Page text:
“Holding on to anger is like grasping a hot coal with the intent of throwing it at someone else; you are the one who gets burned.” ~Buddha
Resentment is an extremely bitter diet and eventually poisonous. I have no desire to make my toxins. ~Neil Kinnock
According to the Oxford American Dictionary, “resentment is defined as
bitter indignation at having been treated unfairly.” The definition includes the fact that people can harbor resentments going back many years.”
Resentment has also been called the experience of negative emotion, such as anger or hatred, felt because of a real or imagined wrong done to them.
A perfect example was given to me by a couple who complained about their younger son, now 38 years old, continuing to yell at them about his childhood. Despite being quite successful in his career, he loudly blames them for all of his troubles. The son is not occasionally yelling at his parents. Still, he does this every time he talks to them over the telephone. It has gotten so bad that his father will no longer speak to him. The son heaps the greatest on his father. His son is not bothered by this break in communication. Instead, his mother has to hear about all the past injustices.
A female patient bitterly complained about her husband. The latter eventually moved out of their apartment because he could no longer tolerate her. She blamed her father for never having time for her while growing up. Then, she blamed her therapist for not finishing her therapy and charging too much money. While she completed her treatment, she left these complaints intact, although her life quality dramatically improved since starting therapy. She was no longer depressed, completed her undergraduate degrees, had a professional career since graduation, and had a vastly improved relationship with her son and daughter.
However, she held onto her resentments. Perhaps that enabled her to end her therapy successfully. She remained blind to how her complaining harmed other people. I never heard from her again, but sometimes I wonder how she got along afterward.
Parents are the most common object of resentment. As with the couple cited above, they are the people who are frequently the target of blame. These patients blame their parents for all failings and failures alike.
I have heard patients blame their addiction on their parents. I have heard patients blame their parents for everything from poor school grades to work failures to failed relationships. Many young patients have complained to me they “Would not be depressed except by the way they were treated by mom or dad.”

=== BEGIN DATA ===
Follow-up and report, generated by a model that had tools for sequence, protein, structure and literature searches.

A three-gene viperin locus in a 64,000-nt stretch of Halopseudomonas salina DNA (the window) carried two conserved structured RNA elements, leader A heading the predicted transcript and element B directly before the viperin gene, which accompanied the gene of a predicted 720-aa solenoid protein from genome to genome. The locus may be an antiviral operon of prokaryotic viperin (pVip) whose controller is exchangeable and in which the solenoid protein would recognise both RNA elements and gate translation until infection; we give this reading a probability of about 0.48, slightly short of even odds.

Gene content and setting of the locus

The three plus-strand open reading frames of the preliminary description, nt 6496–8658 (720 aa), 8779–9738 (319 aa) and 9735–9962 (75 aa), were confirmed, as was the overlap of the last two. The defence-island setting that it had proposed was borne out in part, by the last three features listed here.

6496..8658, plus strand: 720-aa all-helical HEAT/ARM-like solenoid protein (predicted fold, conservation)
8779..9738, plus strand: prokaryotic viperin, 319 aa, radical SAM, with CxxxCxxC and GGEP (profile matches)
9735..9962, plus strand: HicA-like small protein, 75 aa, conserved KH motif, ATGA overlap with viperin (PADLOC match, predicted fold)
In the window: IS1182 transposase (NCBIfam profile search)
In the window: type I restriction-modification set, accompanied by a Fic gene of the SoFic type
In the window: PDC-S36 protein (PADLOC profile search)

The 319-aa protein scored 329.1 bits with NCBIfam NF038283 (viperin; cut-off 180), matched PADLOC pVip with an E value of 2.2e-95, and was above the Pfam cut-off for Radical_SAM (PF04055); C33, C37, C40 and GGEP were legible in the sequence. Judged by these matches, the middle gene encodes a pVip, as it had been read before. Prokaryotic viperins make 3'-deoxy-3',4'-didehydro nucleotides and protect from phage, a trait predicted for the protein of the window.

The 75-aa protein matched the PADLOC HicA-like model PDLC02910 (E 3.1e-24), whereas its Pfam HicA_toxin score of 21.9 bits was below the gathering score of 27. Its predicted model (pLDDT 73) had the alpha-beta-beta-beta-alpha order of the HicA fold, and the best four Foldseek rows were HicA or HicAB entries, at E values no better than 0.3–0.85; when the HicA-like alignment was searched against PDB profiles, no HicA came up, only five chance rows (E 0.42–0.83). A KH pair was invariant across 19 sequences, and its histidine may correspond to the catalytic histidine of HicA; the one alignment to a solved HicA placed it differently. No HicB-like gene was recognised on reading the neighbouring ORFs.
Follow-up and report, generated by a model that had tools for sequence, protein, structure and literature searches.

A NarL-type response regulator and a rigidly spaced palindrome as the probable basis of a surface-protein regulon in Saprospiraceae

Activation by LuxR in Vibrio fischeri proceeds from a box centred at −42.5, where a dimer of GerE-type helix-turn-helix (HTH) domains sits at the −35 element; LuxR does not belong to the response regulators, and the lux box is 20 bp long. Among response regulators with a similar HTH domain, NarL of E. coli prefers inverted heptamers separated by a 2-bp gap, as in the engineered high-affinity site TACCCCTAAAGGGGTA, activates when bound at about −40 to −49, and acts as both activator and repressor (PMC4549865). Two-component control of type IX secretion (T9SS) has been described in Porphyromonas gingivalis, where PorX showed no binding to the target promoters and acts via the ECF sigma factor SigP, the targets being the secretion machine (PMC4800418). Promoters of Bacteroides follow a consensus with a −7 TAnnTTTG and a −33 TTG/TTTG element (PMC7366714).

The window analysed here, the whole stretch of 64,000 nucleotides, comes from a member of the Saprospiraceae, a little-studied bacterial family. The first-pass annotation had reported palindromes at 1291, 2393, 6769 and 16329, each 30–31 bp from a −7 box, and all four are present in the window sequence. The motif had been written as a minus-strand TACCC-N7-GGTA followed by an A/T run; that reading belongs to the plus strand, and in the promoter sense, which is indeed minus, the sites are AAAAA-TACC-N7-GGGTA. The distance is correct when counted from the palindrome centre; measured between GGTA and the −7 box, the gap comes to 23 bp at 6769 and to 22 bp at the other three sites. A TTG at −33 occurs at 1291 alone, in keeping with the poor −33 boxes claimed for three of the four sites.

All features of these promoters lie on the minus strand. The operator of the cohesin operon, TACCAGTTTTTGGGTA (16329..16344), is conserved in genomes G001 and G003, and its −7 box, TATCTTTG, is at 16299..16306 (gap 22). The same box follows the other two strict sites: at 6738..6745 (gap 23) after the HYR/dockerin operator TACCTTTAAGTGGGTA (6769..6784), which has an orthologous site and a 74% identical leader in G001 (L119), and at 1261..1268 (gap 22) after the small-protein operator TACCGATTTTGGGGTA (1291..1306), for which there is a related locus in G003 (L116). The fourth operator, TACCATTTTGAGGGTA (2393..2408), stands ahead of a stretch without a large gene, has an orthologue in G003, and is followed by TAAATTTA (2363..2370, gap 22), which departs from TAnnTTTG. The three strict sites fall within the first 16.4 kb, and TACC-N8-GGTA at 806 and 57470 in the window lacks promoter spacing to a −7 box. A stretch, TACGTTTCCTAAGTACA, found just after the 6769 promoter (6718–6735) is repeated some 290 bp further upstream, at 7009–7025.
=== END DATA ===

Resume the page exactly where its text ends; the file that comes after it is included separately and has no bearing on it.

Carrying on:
What is so interesting is that, in blaming parents or others for one’s misfortunes, there is a failure to take responsibility for what has happened. The 38-year-old son never looks at his behavior to understand the role he plays in his present-day successes and failures.
None of this suggests that parents are innocent or that they never did wrong. We know that parents abuse, neglect, and reject their children. There are those parents who are overprotective authoritarians. Some are addicted to drugs and alcohol. In all cases, even the best parents are imperfect, make mistakes, and sometimes be unjust.
An essential step for all adults is acknowledging that what happened in the past cannot be undone. We can build better lives for ourselves in the present and future. To do this is to take responsibility for one’s behaviors and choices in the present. Many patients have told me that they want their parents to admit their wrongdoing. When asked how that would help them, most gave vague answers. Of course, there is nothing to be gained from asking a parent to admit guilt, even if they did so.
Resentment is malignant. There is no better way to hold on to the bitter past than to relive horrible events that happened then. There is no better way to relive the awful past than to continue to blame others, whether parents or anyone else.
Remember Buddha’s quote that anger and resentment are like grasping hot coal that can only burn yourself.